Whether you're a new mother or you've had children before, the first 24 hours after giving birth can be overwhelming. It is entirely normal to experience a full spectrum of emotions during this time. You are not alone.
Within an hour of giving birth, one of the most important tasks you will have to undertake will be your child's first-ever breastfeeding session. Your midwife will be on hand to help you through this process, but it will go something like this:
- Skin-to-skin contact is the perfect way to get your baby to seek out the breast instinctively. This intimate moment will also help you and your child to bond.
- If your baby needs assistance latching onto the nipple, try stroking their cheek to encourage them to open their mouth.
- For the first feeding, breastfeed for around 20 minutes. If you have trouble getting your baby to stop, gently put your finger into the side of their mouth to stop the suction.
It will take time and practice for you and your baby to learn how to breastfeed together—don't worry, this is normal!
Babies aren't born knowing how to latch on and breastfeed correctly. Encouraging your child to latch on to the right part of your breast is crucial to ensuring they receive sufficient milk and to help stimulate the production of more. A poor latch can also result in cracked and painful nipples.
The ideal latch can take time, trial, and error to perfect. When latched on, your baby should take both your nipple and areola into their mouth. Your baby's gums need to compress the areola to stimulate the milk sinuses located underneath and to start the flow. If not, your milk won't flow easily, and new milk won't be produced.
When your baby's chin and the tip of her nose are touching your breast, you'll know you've achieved a proper latch. If you notice nipple pain or hear clicking noises while breastfeeding, it's likely that something isn't quite right. You will need to encourage your child to unlatch and try again.
You can encourage correct latching by following these steps:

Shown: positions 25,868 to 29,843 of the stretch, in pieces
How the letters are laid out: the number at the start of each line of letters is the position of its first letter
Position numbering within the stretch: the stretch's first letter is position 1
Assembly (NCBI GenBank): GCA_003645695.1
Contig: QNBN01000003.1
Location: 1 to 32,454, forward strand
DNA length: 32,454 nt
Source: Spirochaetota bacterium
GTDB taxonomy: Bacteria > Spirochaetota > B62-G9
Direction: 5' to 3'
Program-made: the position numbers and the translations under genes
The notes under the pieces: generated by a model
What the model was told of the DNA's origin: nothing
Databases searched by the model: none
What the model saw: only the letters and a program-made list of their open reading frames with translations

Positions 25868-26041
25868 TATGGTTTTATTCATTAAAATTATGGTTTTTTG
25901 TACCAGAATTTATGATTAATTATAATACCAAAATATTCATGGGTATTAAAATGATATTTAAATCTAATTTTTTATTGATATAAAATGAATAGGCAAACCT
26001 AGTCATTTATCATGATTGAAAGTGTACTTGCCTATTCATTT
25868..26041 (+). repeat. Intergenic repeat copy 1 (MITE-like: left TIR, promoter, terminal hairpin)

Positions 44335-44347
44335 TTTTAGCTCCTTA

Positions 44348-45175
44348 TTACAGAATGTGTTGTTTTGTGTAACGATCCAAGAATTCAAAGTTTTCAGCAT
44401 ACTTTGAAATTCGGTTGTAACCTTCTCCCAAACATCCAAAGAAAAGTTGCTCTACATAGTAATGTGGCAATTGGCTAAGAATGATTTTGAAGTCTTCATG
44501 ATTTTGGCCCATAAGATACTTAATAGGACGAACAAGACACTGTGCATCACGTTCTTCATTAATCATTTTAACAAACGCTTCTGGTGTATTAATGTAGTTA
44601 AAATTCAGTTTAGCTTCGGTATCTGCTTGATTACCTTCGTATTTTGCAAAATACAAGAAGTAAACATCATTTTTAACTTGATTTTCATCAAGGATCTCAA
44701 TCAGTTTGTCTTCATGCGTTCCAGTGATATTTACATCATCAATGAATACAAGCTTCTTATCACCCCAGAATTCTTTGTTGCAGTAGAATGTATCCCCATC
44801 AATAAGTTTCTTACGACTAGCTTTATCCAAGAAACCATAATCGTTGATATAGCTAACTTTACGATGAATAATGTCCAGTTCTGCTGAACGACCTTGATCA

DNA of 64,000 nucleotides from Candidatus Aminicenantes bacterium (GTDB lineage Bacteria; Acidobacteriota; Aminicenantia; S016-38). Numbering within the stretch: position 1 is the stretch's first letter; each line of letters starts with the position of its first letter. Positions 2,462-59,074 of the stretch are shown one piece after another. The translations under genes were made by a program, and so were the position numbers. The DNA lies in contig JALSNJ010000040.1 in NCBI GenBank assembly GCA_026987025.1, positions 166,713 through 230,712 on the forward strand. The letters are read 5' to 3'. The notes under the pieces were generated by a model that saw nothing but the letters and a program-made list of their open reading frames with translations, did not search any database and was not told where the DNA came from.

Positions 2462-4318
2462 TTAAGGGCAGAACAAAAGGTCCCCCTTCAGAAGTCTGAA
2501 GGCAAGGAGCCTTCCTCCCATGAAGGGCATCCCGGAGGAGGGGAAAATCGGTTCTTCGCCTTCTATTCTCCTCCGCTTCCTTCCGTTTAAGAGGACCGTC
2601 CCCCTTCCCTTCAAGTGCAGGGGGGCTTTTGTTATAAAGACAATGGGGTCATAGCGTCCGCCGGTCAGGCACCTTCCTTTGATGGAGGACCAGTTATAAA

- Using your free hand, hold your breast with your thumb above the areola where your baby's nose will touch.
- Use your index finger below the areola (where your child's chin will touch) and lightly compress your breast between the two fingers. This compression will give it a shape more closely resembling your baby's mouth.
- Bring your baby to your breast and gently touch your nipple to their lips until they open their mouth wide.
- Without pushing their head, bring your baby closer to your breast, allowing them to take your nipple and areola into their mouth. Don't worry if they don't manage to cover the whole areola, this is normal. It is most important to ensure that they have latched on to a good part of it.
If you and your baby are struggling to develop a sufficient latch, don't fret too much. A nipple shield can be used to make breastfeeding easier. These help to protect your nipples from any biting, as well as stimulate your areola to encourage your milk sinuses to produce more milk. If your nipples are constantly sore or cracked, a nipple shield from Haaka or Nuk should help make breastfeeding a less painful experience.
It is normal for your breasts to be sore for the first couple of weeks while your nipples adapt to their new task. A quick at-home remedy is to use cold, damp facecloths on your nipples for instant relief. For long term relief, we highly recommend the Rite Aid Hydrogel Breast Discs to soothe sore and cracked nipples by creating the optimal moist environment for healing broken skin. They work to restore the skin's natural moisture while providing a barrier against bacteria.
Every baby is different, and developing good breastfeeding habits can take time. Every new mother must go through this process, and it's ok not to get it perfect the first time. You are better to protect your comfort (and sanity), as well as ensuring your baby receives the nourishment they need, by using a breastfeeding aid such as a nipple shield than to persevere through pain.